U.S. economic data for the week was mostly robust. The Conference Board’s Consumer Confidence indicator exceeded expectations, coming in at its highest reading since 2000, while GDP growth for the second quarter was revised higher than initially reported. That said, the housing market continued to show some cracks:
- The S&P CoreLogic Case-Shiller National Home Price index (which measures the change in the selling price of single-family homes in 20 metropolitan areas) grew at a slower pace than expected.
- Additionally, the month-over-month change in pending home sales was both negative and below estimates.
In Europe, German current and future business expectation measures exceeded forecasts; however, German consumers were less sanguine about their current and future prospects. Meanwhile, France saw consumer spending and GDP results for the second quarter that were in line with expectations. And Italian unemployment was better than anticipated—the lowest it’s been since the summer of 2012—helping to keep overall EU unemployment at its lowest level in a decade.
In Asia, Japan enjoyed positive retail sales growth that exceeded estimates along with better-than-expected inflation results. Chinese manufacturing PMI results both increased and beat expectations on a month-over-month basis. But new capital expenditures by private companies in Australia declined in the 2nd quarter—below positive consensus growth expectations. Australian building approvals/permits also declined more than expected.
In the U.S. equity market, the technology and consumer discretionary sectors outperformed. Tech shares benefited from analyst upgrades and a general shift to a positive sentiment about the sector, while robust retail earnings reports supported consumer discretionary stocks. Defensive sectors such as telecommunications and utilities underperformed as interest rates rose and as investors continued to favor more growth and/or cyclical-oriented sectors.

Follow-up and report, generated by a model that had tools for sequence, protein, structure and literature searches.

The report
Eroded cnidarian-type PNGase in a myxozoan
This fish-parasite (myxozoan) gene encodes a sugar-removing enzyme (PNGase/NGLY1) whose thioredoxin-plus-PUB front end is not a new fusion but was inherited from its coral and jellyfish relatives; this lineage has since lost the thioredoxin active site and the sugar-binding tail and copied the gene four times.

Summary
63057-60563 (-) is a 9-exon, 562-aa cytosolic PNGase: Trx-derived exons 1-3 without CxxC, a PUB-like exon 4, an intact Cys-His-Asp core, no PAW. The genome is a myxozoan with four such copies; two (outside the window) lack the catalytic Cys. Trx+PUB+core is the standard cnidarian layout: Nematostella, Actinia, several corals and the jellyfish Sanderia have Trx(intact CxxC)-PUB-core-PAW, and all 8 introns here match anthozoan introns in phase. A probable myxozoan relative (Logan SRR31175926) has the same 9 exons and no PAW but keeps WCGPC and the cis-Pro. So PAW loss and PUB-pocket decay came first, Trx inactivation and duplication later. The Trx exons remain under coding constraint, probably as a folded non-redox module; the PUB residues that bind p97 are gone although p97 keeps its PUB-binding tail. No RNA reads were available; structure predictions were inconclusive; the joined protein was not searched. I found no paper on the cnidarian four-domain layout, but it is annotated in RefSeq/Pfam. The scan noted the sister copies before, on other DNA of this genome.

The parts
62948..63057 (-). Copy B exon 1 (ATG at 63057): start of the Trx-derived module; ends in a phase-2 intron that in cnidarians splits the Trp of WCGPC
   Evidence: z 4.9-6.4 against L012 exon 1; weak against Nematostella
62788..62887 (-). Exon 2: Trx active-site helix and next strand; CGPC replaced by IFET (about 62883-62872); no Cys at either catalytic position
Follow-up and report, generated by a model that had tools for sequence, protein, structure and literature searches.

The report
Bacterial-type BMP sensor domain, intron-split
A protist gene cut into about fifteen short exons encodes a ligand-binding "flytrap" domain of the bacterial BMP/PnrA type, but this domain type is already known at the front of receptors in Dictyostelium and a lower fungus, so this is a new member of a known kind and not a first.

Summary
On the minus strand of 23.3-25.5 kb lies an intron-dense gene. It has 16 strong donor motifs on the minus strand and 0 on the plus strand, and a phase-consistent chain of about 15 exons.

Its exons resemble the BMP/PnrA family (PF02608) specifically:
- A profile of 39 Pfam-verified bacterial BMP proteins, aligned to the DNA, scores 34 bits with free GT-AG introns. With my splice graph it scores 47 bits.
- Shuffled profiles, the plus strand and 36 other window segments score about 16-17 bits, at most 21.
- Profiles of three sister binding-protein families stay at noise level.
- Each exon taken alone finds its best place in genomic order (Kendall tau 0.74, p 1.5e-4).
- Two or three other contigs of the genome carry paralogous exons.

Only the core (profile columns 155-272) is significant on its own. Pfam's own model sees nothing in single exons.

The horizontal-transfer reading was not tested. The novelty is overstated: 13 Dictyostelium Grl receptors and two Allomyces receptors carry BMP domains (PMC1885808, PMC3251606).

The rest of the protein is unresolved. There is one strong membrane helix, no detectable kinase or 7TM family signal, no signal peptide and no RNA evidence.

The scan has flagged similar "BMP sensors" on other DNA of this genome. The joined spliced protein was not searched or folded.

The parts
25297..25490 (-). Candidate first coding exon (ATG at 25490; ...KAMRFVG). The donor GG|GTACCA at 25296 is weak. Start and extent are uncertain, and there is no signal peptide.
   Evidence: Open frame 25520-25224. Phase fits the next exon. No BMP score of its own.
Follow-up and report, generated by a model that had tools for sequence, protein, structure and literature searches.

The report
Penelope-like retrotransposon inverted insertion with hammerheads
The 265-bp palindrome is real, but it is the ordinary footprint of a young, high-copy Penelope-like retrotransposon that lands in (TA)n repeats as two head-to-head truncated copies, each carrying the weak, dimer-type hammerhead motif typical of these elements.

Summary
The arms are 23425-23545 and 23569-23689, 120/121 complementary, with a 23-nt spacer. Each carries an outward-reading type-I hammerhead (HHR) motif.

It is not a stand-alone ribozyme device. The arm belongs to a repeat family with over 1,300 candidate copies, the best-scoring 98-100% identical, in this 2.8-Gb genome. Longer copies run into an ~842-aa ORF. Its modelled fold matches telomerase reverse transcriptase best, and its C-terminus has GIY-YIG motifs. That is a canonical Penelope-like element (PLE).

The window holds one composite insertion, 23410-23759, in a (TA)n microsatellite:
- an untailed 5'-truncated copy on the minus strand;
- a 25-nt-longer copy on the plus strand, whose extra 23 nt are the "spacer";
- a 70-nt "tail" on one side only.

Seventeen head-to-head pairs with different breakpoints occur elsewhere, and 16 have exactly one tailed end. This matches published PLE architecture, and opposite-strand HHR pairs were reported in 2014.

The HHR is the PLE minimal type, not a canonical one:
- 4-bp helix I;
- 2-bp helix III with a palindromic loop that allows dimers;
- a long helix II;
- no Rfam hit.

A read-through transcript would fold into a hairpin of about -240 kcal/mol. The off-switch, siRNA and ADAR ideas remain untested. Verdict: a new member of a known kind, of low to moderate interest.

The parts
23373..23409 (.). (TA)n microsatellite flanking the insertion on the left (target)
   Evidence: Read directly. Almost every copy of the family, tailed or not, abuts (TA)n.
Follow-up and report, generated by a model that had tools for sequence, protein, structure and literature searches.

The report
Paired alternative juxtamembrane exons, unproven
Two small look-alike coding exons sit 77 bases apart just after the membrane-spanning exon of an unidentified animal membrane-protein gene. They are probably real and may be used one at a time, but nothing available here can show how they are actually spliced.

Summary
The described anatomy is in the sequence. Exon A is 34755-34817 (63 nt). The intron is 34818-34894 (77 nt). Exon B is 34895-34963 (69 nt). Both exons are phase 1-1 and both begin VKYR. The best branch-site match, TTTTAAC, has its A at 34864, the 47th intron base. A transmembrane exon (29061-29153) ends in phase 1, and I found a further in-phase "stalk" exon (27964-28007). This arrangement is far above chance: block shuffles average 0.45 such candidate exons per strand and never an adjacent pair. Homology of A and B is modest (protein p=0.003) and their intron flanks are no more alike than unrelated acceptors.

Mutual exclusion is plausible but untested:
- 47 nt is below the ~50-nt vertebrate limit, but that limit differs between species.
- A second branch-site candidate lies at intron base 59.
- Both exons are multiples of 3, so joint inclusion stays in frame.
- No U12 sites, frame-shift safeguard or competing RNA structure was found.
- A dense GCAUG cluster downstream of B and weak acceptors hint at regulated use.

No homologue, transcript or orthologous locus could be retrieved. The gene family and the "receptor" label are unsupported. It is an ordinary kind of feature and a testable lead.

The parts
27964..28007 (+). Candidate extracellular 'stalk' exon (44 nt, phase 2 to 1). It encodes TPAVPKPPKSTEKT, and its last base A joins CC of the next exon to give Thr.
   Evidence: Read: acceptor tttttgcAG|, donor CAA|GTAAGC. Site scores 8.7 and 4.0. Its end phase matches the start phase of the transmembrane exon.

After a positive start, European shares endured downward pressure later in the week as concerns over emerging markets risks, trade war worries and Italy’s financial health returned to the top of investors’ minds. President Trump resumed his aggressive stance towards the EU, which only added to risk aversion in Europe. Japanese shares were the standout performers for the week, as market participants turned more “risk-on” after hopes for a U.S.-Mexico trade agreement improved and as the country prepared for presidential elections.
Emerging market equities were hit hard as weakness in Argentina and Turkey sparked contagion fears, while the elevated trade war rhetoric only exacerbated the perceived emerging markets risks. Despite that, Taiwan and Russia markets outperformed their peers.
GAIN: Active Asset Allocation
The equity portfolios saw growth stocks, small-caps, and health care positions leading the way last week. That said, our positions in foreign stocks, global technology and equal-weight domestic-factor exposure were slight drags on the portfolio.
Now that school is back is session and summer vacations are over, we anticipate increased volume (and more volatility, potentially) in the coming weeks.
Bonds were down, overall, for the week. Longer-duration issues were especially weak. The recent comments by Fed Chairman Powell suggest that he will rely more on data than on economic models or theoretical variables. If so, investors may have to come to terms with interest rates remaining lower than expected for longer than expected, given the pace of previous rate-hike cycles.
Our barbell positioning in the fixed-income portfolios performed well during the week—with preferred stocks, high-yield bonds and real estate performing well enough to overcome the weakness in long-term Treasuries.
PROTECT: Risk Assist
It was a fittingly calm week for the last week of summer, with global markets as a whole essentially flat. The Risk Assist portfolios remain fully invested.
The market’s expectations for future volatility remain subdued for equities and interest rates. Investors do anticipate continued currency market volatility, however, and we will closely monitor that area of the market.
We created our volatility forecasts for September last week. They generally came down marginally from the previous month.
SPEND: Real Spend
So far this year, equities are performing relatively well—with global stocks up 3.5% and U.S. equities gaining 9.7%. In contrast, broad-based bonds are down 1.1% year-to-date. Bonds continue to trail inflation for the year, despite a positive August for the asset class (+60 basis points). Last week on CNBC, Warren Buffett stated (once again) that stocks are considerably more attractive than bonds and that there is no question in his mind that a basket of U.S. stocks will do better than bonds over time.
Multi-asset yield securities continued to show large spreads in returns (and, therefore, substantial diversification benefits) last week. For example:
- Preferred stock and REITs were up 50 basis points and 80 basis points, respectively, last week.
- Long-duration bonds and emerging markets debt were down more than 1% and 1.2%, respectively.
For the month of August, the spreads were even wider: Emerging markets debt and global infrastructure were each down more than 2.3%, while preferred stock and long-duration bonds were each up over 1.3%.
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